Printing parameters, including input flow, printing speed, and layer height, were optimized for DIW extrusion printing by assessing the ink fidelity of the respective bioink formulations using optimal microscopy, addressing both filament definition (width and uniformity) and filament diffusion. The cylindrical grid-network scaffolds shown in Figure 3 demonstrate the workability of the optimized DIW extrusion printing parameters when using GrowInk-T + 5 % GelMA as the feedstock ink material. The printing parameters were, input flow – 100%, printing speed – 12mm/s, and layer height – 0.07mm.

 

Figure 3. Overview of successful application: cylindrical gridnetwork hydrogel scaffold with a dimension of ф=10.5mm and z=11.2 mm printed using GrowInk-T + 5% GelMA.

CONCLUSIONS

All the GrowInk + GelMA formulations which were tested, showed shear-thinning behaviour, strong viscoelastic properties along with fast flow-recovery response after high shear. The combination of GrowInk-T with 5% GelMA supports fast UV-crosslinking, elastic interpenetrating polymeric network (IPN) and a good ink fidelity in DIW extrusion bioprinting. The properties of these bioinks support the use of these hydrogels for extrusion-based 3D bioprinting.

These optimized parameters and protocols can therefore be used to address possible application scenarios of 3D bioprinting, such as the fabrication and physiological mimicry of healthy or damaged tissue for model development, wound healing [7] or drug screening. These results demonstrate principal information for future use of GrowInks in cell-laden 3D printing scaffolds aided by photocuring.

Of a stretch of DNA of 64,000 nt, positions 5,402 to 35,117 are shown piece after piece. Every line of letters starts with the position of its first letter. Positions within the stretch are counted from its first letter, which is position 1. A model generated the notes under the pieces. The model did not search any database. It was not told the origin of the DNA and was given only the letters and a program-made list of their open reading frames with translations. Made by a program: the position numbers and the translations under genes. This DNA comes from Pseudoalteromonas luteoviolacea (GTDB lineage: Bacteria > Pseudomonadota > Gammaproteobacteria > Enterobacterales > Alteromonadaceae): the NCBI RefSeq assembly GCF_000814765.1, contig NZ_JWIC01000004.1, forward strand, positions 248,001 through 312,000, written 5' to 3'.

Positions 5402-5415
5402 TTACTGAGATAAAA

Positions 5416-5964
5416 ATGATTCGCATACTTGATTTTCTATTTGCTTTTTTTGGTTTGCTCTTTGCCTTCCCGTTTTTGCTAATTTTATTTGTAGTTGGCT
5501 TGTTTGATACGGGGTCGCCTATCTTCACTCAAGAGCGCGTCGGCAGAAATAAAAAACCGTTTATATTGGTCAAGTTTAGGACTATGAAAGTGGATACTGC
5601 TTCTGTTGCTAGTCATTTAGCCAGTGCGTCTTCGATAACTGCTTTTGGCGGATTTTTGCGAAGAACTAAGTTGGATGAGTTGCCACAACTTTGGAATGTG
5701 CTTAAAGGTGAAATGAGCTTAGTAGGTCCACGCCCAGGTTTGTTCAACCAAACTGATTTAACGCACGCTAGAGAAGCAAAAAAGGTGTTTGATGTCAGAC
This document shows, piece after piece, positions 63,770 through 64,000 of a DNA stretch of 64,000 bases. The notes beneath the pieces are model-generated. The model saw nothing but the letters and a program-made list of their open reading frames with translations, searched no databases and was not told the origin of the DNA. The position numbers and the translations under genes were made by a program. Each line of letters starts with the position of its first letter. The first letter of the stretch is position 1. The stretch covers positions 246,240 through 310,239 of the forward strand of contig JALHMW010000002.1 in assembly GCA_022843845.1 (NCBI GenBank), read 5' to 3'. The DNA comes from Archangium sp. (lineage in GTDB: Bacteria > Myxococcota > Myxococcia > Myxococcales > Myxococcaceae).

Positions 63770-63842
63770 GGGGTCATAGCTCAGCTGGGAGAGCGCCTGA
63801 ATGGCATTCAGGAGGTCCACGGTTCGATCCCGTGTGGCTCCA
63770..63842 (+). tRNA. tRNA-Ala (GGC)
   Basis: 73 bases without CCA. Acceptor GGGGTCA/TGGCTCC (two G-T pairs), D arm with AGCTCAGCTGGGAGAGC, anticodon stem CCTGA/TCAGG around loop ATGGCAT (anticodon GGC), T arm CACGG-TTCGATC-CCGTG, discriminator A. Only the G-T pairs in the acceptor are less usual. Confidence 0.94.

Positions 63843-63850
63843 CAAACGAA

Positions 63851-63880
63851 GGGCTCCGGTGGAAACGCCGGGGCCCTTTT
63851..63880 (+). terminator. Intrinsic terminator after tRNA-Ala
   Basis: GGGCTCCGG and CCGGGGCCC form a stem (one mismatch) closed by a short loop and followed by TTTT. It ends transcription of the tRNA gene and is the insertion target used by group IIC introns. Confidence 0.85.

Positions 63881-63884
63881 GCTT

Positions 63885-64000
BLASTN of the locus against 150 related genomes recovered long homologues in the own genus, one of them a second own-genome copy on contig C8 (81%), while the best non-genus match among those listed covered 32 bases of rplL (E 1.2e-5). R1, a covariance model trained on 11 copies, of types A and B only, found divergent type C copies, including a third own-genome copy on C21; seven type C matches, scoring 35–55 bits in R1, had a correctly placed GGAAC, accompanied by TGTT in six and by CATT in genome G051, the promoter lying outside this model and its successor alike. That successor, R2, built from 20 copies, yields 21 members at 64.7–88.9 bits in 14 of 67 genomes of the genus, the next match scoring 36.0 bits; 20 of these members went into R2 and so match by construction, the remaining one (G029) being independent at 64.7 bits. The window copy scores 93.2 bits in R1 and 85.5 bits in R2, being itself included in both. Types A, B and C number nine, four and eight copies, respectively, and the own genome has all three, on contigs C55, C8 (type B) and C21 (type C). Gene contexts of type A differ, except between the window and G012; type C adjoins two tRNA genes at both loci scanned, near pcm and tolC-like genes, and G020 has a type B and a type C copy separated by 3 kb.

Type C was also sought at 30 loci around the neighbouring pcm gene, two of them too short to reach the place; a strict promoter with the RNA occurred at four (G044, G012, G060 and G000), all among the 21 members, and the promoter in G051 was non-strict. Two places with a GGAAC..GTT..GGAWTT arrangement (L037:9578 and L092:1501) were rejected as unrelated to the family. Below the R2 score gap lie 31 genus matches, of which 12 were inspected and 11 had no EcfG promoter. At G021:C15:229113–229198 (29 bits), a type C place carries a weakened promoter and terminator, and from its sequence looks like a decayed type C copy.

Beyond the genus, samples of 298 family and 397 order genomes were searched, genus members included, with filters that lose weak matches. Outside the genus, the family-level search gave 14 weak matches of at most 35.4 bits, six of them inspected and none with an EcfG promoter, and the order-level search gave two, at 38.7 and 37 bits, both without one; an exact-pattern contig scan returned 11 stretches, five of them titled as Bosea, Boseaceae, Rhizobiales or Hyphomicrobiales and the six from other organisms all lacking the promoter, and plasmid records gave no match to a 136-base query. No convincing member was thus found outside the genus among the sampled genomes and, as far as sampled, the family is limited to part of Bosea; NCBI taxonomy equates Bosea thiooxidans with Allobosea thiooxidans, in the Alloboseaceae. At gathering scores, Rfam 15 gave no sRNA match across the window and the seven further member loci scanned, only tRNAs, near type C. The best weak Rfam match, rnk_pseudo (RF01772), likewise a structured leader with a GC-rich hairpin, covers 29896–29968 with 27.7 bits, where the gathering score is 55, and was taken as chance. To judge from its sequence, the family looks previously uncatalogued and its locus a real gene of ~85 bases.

REFERENCES

  1. Wang, X., et al. (2020). "Nanocellulose-Based Inks for 3D Bioprinting: Key Aspects in Research Development and Challenging Perspectives in Applications-A Mini Review." Bioengineering (Basel) 7(2).
  2. Noy, J., et al. "High-throughput production of GrowInk™-T models by drop-on-demand 3D bioprinting." GrowInk Application Note 1.
  3. Clapies, A., et al. "3D printing of GrowInk™-N and GrowInk™-T with Poietis NGB-R™ bioprinter." GrowInk Application Note 2.
  4. Shin, S., et al. (2017). "Cellulose Nanofibers for the Enhancement of Printability of Low Viscosity Gelatin Derivatives." 2017 12(2): p. 14.
  5. Xu, W., et al. (2019). "Surface Engineered Biomimetic Inks Based on UV Cross-Linkable Wood Biopolymers for 3D Printing." ACS Applied Materials & Interfaces 11(13): p. 12389-12400.
  6. Wang, Q., et al. (2021). "Rheological and Printability Assessments on Biomaterial Inks of Nanocellulose/Photo-Crosslinkable Biopolymer in Light-Aided 3D Printing." Frontiers in Chemical Engineering 3.
  7. Xu, W., et al. (2019). "On Low-Concentration Inks Formulated by Nanocellulose Assisted with Gelatin Methacrylate (GelMA) for 3D Printing toward Wound Healing Application." ACS Applied Materials & Interfaces 11(9): p. 8838-8848.